Trinity College has lent two manuscripts to a fabulous new exhibition at the J. Paul Getty Museum in Los Angeles. Book of Beasts: The Bestiary in the Medieval World looks at the imaginative world of the medieval bestiary. A bestiary is a compendium of animals – mythical and real – which usually highlights the religious or moral significance of the depicted beasts. They were very popular texts in the medieval period as devotional reading and for entertainment. Trinity’s bestiary is found within a composite manuscript, R.14.9. Below is a sample of some of the beasts contained within it.
The pelican, by reviving its young with blood from its own breast, symbolises Christ’s death (f.89v).
The unicorn, laying its head in a maiden’s lap, becomes vulnerable to hunters. It symbolises Christ’s incarnation (the unicorn is Christ; the maiden, his mother Mary) and the killing is an allegory of Christ’s death (f.90ar).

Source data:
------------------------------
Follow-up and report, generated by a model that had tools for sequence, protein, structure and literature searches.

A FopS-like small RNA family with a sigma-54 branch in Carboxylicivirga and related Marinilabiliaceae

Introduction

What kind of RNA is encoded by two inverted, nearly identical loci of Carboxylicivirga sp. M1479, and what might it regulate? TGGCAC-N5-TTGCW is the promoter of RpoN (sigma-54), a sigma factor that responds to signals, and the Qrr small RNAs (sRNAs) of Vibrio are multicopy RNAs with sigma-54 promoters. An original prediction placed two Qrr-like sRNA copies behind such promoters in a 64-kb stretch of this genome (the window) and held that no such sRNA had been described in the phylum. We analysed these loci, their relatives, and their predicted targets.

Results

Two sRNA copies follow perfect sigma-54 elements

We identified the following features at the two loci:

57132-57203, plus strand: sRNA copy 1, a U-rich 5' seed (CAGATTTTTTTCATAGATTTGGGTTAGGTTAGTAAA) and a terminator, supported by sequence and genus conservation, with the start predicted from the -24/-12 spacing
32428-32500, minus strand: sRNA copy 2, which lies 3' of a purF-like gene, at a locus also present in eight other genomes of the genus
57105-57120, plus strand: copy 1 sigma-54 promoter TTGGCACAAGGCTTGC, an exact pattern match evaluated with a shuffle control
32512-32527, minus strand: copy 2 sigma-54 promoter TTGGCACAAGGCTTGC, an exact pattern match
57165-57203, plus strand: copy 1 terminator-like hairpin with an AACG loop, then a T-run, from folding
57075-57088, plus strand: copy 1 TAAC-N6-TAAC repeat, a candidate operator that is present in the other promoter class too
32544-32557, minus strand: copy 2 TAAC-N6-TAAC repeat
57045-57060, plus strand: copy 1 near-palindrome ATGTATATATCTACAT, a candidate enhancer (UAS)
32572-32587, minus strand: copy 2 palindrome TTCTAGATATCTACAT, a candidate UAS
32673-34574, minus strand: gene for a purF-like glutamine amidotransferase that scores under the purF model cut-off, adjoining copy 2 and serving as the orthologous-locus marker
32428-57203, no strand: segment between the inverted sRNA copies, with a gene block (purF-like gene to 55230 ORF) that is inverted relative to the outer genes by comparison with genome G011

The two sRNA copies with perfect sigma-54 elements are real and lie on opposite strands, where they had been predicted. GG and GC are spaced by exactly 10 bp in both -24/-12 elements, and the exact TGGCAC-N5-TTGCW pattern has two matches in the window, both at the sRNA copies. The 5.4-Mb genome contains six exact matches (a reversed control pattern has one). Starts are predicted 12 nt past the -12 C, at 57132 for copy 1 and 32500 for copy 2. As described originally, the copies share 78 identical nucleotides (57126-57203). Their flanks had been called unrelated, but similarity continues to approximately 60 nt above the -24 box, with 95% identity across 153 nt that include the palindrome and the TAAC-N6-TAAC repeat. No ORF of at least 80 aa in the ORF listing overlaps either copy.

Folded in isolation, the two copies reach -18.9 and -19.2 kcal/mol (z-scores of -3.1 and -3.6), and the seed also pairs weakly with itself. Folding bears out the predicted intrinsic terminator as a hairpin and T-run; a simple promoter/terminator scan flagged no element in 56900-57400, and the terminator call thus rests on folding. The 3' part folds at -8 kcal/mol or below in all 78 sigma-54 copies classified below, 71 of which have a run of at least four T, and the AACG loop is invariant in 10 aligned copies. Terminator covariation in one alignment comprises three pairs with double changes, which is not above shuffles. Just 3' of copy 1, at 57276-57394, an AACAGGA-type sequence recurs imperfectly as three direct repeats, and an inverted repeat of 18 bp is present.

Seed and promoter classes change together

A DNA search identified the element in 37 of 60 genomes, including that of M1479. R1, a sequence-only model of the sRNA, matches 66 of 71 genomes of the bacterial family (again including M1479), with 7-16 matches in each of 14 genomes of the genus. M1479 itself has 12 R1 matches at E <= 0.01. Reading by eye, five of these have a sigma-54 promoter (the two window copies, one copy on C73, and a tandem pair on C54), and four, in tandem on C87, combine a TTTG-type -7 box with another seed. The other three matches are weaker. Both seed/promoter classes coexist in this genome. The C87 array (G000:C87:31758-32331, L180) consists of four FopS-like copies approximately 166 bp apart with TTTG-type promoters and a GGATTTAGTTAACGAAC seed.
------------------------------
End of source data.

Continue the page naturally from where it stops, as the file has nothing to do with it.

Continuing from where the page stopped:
The fox playing dead to fool birds before devouring them reminds readers to be alert to the trickery of the Devil (f.90ar).
Worker bees, protecting the Queen Bee, represent models of good citizenship (f.102v).
The elephant which mates for life inspires marital fidelity (f.95r).
The roots of the mandrake plant grow in human form. The mandrake shrieks when it is torn from the ground. Anyone who hears the cry goes mad or dies. Rarely some bestiaries describe how the female elephant eats from the mandrake plant and then shares it with the male before she seduces him (f.95v)
The bonnacon is a mythical, comic creation. It is depicted with a bull’s head and horns that curl inwards, rendering them useless for defence. To defeat hunters the bonnacon instead attacks with potent excrement (f.96r).
The hyena devours a corpse in a sarcophagus. It can change gender from male to female and represents untrustworthiness (f.90av).
The mythical leucrota, shown here with large teeth and hooves, results from a hyena-like beast mating with a lioness. Its mouth stretches from ear to ear and it can mimic human speech (f.96v).
The College has also loaned the exhibition a 14th century Herbal (O.2.48). The exhibition runs until 18th August 2019. A blog to accompany the exhibition can be read here.